Alemán, eager to pay off his political debt for freedom, helped Ortega’s party win three subsequent municipal and national elections by dividing and befuddling the opposition. But the get-out-of-jail-free card cost Alemán all his remaining political capital. He finally abdicated his role as minority partner in the pact and ceded full power to Ortega in 2010. Sometime earlier this year, Alemán stopped pretending to be an opposition leader; he quietly surrendered his last pawn (Congressman Wilfredo Navarro) and walked away from the chessboard. By the time he retired to his farm to look after his cows, hardly anyone noticed.
Though Ortega had defeated his rival, the political system that the two men built did not survive the divorce. The institutions born of “El Pacto” ceased to function without Alemán acting as a counterbalance.
As perverse as the system was, it was a seesaw built for two. Ortega had won, but his victory led to an embarrassing and untenable political crisis; some 50 magistrates, judges, prosecutors and other top government officials are currently occupying their offices well beyond their constitutional term limits because the system that brought them to power collapsed before a new one could replace it. Like a pitiful collection of pacto refugees, the de facto officials of Ortega’s government huddle together in a sad attempt to find legitimacy in numbers. (This problem will be “fixed” by Article 130 of the new constitution.)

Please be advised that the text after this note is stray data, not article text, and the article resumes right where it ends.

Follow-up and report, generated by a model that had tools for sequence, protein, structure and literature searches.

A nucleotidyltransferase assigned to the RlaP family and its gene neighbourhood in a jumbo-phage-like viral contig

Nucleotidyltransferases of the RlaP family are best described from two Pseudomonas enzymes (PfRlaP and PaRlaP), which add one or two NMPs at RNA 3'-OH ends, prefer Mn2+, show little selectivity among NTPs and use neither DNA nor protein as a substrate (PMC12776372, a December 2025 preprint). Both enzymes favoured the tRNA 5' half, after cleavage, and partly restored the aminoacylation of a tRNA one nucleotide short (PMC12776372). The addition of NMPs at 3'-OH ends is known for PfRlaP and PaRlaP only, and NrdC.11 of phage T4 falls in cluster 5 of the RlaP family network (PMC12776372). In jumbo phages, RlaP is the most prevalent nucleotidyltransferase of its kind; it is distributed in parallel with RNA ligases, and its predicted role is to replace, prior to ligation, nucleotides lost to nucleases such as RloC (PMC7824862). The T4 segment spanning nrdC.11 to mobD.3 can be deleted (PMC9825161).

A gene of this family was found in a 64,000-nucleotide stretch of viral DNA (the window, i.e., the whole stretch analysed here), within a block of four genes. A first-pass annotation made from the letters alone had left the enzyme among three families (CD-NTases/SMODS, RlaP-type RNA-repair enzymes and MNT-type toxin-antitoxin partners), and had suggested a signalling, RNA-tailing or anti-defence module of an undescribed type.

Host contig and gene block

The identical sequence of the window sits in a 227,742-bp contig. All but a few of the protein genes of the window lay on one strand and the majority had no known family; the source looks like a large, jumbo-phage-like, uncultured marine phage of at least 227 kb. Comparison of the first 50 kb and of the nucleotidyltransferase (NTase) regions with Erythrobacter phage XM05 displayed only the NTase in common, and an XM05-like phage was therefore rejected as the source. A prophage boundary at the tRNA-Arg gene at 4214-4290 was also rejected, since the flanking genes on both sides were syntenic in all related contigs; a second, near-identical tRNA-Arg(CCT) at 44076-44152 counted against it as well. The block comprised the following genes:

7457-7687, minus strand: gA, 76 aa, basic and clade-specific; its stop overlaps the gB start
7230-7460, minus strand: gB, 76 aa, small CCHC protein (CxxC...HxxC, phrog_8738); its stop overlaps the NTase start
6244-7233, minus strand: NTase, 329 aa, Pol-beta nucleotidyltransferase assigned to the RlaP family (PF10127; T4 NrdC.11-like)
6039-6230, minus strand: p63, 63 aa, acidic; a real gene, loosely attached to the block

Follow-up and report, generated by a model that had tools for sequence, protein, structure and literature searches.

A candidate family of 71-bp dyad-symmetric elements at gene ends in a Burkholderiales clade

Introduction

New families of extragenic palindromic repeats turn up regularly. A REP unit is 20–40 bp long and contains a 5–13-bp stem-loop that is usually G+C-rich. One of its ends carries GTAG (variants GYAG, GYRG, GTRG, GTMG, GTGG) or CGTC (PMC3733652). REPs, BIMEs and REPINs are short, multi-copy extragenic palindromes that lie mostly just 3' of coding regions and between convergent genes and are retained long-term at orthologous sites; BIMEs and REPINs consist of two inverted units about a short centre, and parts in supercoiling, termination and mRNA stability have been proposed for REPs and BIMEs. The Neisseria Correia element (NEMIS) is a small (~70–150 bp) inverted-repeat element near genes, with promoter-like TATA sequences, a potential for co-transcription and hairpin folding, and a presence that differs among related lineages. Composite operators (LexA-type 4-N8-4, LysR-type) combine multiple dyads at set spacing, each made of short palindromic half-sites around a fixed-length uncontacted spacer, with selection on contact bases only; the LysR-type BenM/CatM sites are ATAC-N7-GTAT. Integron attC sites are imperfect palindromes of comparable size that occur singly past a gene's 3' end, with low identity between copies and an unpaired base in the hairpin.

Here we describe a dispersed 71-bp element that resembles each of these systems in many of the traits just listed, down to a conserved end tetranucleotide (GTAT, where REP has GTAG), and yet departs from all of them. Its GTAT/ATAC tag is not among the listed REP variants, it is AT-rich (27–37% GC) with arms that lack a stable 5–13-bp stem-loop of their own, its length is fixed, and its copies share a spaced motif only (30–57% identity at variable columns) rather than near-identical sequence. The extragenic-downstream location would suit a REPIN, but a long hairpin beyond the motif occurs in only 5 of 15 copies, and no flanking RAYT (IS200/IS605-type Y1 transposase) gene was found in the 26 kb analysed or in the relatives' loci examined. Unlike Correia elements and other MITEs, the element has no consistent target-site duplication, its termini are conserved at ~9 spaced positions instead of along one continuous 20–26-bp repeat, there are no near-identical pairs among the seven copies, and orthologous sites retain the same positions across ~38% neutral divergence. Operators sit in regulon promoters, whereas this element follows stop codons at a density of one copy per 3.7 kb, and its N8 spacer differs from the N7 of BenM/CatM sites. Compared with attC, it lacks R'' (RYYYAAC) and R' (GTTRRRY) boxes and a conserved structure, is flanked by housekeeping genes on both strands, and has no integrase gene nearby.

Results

Alas, the charade of normality could not continue. Nicaragua needed a new operating system to replace its crashed model.
The Sandinista constitution
Amid loud concerns from business groups, think tanks, opposition parties, religious leaders and civil society, the Sandinistas approved their constitutional reforms in a first vote on Dec. 10. The bill was approved along strict party lines, with 63 Sandinista lawmakers in favor and 26 minority party legislators in opposition. Congressman Navarro, who has made an entire career of political opportunism, pressed his Sandinista buzzer and ingratiated himself with power once more.
The bill, which needs to pass a second round of voting in January, will mark the sixth time Nicaragua’s constitution has been modified since 1987. But analysts say this round of reforms is the most severe yet.
The Sandinistas claim the reforms are aimed at strengthening democracy, improving national security, safeguarding sovereignty, ensuring stability, and strengthening the role of the family in society. Ortega supporters claim the reforms are “unique” because they were “widely consulted with a diversity of participants who represent a great part of the Nicaraguan population.”
But that’s a pretty bold claim considering the entire consultation process lasted less than two weeks and intentionally omitted any public information campaign. Most of the consultations were done with bobble-head institutions that are part of the Sandinista machinery. Others rejected the reforms outright. Minority political parties (PLI, PLC, MRS), the Nicaragua-American Chamber of Commerce (AMCHAM), the Nicaraguan Foundation for Economic Development (FUNIDES), the Nicaraguan Conference of Bishops, the independent media, and independent civil society groups all oppose the reforms.